Blairstown's submission undisputedly did not comply with the guidance provided in COAH's October 2008 letter. As noted in COAH's planning consultant's compliance report of June 19, 2009 (the compliance report), Blairstown had a projected growth share obligation of 118 affordable housing units. Because Blairstown's plans enabled it to take credit for 29 units of rental bonuses, its plan needed to accommodate 89 units of additional affordable housing. Of the 89 units of affordable housing to be provided, the compliance report calculated that at least 44 units (50%) must be family units, and 12 units (13%) must meet the very-low-income requirement. Blairstown planned to meet the very-low-income requirement through 14 units of supportive and special needs housing provided in group homes; none of the planned 45 family units were designated as very-low-income housing units.
On December 23, 2008, Blairstown filed its third-round petition for substantive certification with COAH. COAH published notice of the plan on January 27, 2009, and did not receive any objections to the petition. On April 27, 2009, Blairstown adopted an amendment to its housing element and fair share plan, and on May 4, Blairstown filed a motion with COAH for a minor revision that does not affect consideration of the issues presented by this appeal. The compliance report recommended that COAH grant substantive certification.
On July 7, 2009, Fair Share filed comments to the compliance report, criticizing the lack of family housing in Blairstown's plans, and its failure to meet the requirement to provide for very-low-income family housing. Fair Share asserted that "COAH effectively change[d] its regulations on the requirement for very-low-income homes without a notice and comment process." Referencing COAH's October 2008 letter, Fair Share charged that "COAH, in proposing to grant Blairstown substantive certification without requiring family very-low-income units, would be ignoring its existing rules."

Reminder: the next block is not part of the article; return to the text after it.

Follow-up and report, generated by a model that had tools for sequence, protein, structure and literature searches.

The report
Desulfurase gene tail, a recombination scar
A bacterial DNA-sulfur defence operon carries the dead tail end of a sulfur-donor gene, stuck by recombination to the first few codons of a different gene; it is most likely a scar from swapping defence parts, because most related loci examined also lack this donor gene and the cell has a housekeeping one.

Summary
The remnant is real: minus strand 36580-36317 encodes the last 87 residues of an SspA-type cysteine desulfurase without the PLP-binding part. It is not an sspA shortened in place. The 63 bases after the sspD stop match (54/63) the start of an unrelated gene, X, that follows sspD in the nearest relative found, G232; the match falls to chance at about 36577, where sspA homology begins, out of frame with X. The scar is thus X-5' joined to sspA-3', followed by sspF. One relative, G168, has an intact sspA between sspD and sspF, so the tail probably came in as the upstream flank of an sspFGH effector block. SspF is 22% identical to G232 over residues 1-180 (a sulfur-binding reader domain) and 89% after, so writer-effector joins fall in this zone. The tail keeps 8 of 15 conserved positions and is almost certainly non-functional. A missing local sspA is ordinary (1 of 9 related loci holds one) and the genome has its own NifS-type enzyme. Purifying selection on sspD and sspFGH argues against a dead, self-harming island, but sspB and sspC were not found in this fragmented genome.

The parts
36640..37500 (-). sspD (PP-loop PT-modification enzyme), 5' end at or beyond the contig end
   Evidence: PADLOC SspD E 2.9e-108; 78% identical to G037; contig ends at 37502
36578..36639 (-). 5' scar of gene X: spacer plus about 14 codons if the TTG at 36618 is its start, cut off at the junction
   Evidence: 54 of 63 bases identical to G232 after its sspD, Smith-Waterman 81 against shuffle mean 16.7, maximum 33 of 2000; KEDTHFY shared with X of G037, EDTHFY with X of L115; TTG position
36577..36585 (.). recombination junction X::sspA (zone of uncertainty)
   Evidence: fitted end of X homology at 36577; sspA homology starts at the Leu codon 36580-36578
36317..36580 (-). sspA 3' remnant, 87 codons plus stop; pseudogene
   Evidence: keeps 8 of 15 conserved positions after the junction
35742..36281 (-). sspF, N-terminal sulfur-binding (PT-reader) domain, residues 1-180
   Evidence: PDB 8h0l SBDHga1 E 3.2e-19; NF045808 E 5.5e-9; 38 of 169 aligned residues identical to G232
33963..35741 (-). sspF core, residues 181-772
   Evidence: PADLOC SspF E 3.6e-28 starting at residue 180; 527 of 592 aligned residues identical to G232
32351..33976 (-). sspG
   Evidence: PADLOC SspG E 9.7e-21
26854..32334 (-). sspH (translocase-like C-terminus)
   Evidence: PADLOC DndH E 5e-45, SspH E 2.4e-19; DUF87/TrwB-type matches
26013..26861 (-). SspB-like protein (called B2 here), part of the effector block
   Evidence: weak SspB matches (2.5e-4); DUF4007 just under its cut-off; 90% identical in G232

Fair Share further commented that it had recently appealed two other substantive certification decisions in which COAH failed to enforce its very-low-income requirement in accordance with its October 2008 letter. Those two appeals, A-5285-08 (West Amwell) and A-5286-08 (Hardystown Township), were settled using the Civil Appeals Settlement Program with those municipalities each agreeing to provide very-low-income family housing units as was required. In the West Amwell matter, COAH provided a response regarding this issue, asserting that Fair Share "misinterpret[ed]" COAH's October 2008 letter. COAH explained:
The letter was not intended to advise municipalities that N.J.A.C. 5:97-3.9 applies to the new statutory requirement that municipalities provide 13% of the fair share obligation to very low income households. N.J.A.C. 5:97-3.9 provides that at least 50 percent of the units within the municipality addressing the growth share obligation shall be family units. This regulation applies to the growth share obligation as a whole and was adopted before A500 [the bill enacted as L. 2008, c. 46] was enacted. Thus, COAH did not contemplate its application to the recently adopted very low income housing requirement. Likewise, COAH did not intend the letter to act as an interpretation of N.J.A.C. 5:97-3.9. This regulation applies to the entire growth share obligation, not just the very low income units. It was not intended to require that 50 percent of the very low income units be provided through family housing in all cases, although COAH encourages municipalities to do so.
COAH did not intend the October 30, 2008 letter as an interpretation of its regulations so as to require municipalities to provide 50 percent of the very low income units as family units. Therefore, as discussed in the COAH Compliance Report, West Amwell's plan does comport with COAH regulations in this regard.
Fair Share's appellate appendix includes a table dated February 2, 2010, compiling information from COAH's resolutions granting substantive certification to petitions filed by fifty-seven municipalities in December 2008. For each of those municipalities, Fair Share's appendix also includes the relevant compliance report pages that indicated how each municipality planned to meet its very-low-income housing requirement.*fn3
Those records reveal that the municipalities that obtained substantive certification overwhelmingly adopted plans in which 50% or more of their very-low-income housing units were provided as family housing units. Forty-five of those municipalities provided at least half of their very-low-income units as family housing units; five others fulfilled their obligations prior to enactment of the FHA Amendments Act, so they did not have a very-low-income housing obligation. In short, the overwhelming majority of municipalities that submitted housing plans subsequent to COAH's October 2008 letter complied with the directive contained in that correspondence.
At COAH's July 8, 2009 hearing, Fair Share raised objections to Blairstown's plan. However, without discussion, COAH voted to grant the substantive certification and adopted resolution #24-09. This appeal followed.